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Trump acquittal defies logic and evidence

They did, with fatal consequences. Legislators and congressional staff had to flee for their lives as rioters smashed their way into the Capitol, ransacking the Senate chamber and members’ offices. Police and protesters alike were killed and injured.

What more evidence is needed to recognise that Mr Trump, as the 45th president of the United States, committed high crimes in office?

That much was admitted by the leader of the Republican Party in the Senate, Mitch McConnell, who declared within minutes of the vote that Mr Trump’s actions ahead of the riot represented “a disgraceful dereliction of duty”.

“There is no question, none, that Mr Trump is practically and morally responsible for provoking the events of the day,” Mr McConnell said.

It is difficult to reconcile that statement, presumably made on behalf of many Republican senators, with the fact that Mr McConnell voted to acquit Mr Trump. He argued that the Senate could not convict Mr Trump because he had left office before the Senate trial began and that he remained liable to criminal prosecution.

Seven Republicans did vote with every Democrat to impeach President Trump on the charge of “incitement of insurrection”. The 57-43 vote proved to be the most bipartisan for conviction in any presidential impeachment trial, but that is small consolation.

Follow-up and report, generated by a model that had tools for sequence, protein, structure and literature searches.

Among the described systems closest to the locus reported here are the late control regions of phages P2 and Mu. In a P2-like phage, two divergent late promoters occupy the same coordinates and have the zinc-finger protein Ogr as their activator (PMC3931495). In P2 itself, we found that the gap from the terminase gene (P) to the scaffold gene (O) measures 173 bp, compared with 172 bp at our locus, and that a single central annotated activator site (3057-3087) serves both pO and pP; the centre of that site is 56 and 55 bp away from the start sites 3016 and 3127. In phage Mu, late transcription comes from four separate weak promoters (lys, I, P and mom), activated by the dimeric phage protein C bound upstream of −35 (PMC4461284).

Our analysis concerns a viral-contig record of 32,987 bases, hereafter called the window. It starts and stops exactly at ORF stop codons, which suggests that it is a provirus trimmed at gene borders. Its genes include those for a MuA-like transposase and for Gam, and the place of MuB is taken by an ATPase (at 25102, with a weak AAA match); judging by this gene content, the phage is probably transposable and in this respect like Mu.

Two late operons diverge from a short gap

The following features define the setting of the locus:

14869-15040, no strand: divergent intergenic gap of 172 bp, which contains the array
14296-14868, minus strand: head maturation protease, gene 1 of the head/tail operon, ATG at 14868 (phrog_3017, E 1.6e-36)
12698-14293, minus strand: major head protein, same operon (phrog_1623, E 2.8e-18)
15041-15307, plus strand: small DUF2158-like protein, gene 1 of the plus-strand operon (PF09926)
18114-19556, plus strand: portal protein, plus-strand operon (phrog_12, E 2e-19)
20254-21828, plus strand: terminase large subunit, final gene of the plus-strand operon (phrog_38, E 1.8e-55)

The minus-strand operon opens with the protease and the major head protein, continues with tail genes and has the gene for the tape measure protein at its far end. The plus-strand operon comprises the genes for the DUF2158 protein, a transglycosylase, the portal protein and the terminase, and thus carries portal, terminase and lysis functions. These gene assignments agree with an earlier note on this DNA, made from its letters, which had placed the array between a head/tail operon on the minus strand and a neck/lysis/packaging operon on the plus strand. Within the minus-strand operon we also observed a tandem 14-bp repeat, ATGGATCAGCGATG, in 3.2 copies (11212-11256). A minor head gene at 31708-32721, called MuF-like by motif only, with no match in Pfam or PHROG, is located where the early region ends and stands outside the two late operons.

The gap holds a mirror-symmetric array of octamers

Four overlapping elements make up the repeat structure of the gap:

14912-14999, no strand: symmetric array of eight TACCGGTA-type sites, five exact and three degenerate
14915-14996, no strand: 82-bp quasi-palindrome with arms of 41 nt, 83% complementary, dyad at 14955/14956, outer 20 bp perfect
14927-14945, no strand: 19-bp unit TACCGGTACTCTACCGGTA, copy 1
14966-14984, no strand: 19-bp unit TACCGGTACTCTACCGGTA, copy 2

Mr Trump will likely remain a prominent voice in conservative politics and his acquittal means he is eligible to stand for public office again. A serial bankrupt in his previous professional life, a manipulator and perpetrator of falsehoods in office, Mr Trump has a way of making people forget his track record and already is throwing hints that he may be a candidate for the presidency in 2024.


The big question now focuses on where the Republican Party party goes from here. It had a chance through this impeachment trial to break with Mr Trump decisively, to formulate ideas and policies for a nation devastated by coronavirus and the events of January 6.

Some believe Mr Trump will never regain stature after facing a second impeachment hearing. His reputation is in tatters, his legal and financial woes growing. But for most Republicans to continue to support him during the impeachment trial hampers their attempts to move past his polarising era of populism.

If Mr Trump’s supporters garner strength from this acquittal, and if Mr Trump and his acolytes continue to dominate conservative thinking in the Repubican Party, those who seek to defend democracy will need to remain vigilant.

Note from the Editor

The Age’s editor, Gay Alcorn, writes an exclusive newsletter for subscribers on the week’s most important stories and issues. Sign up here to receive it every Friday.

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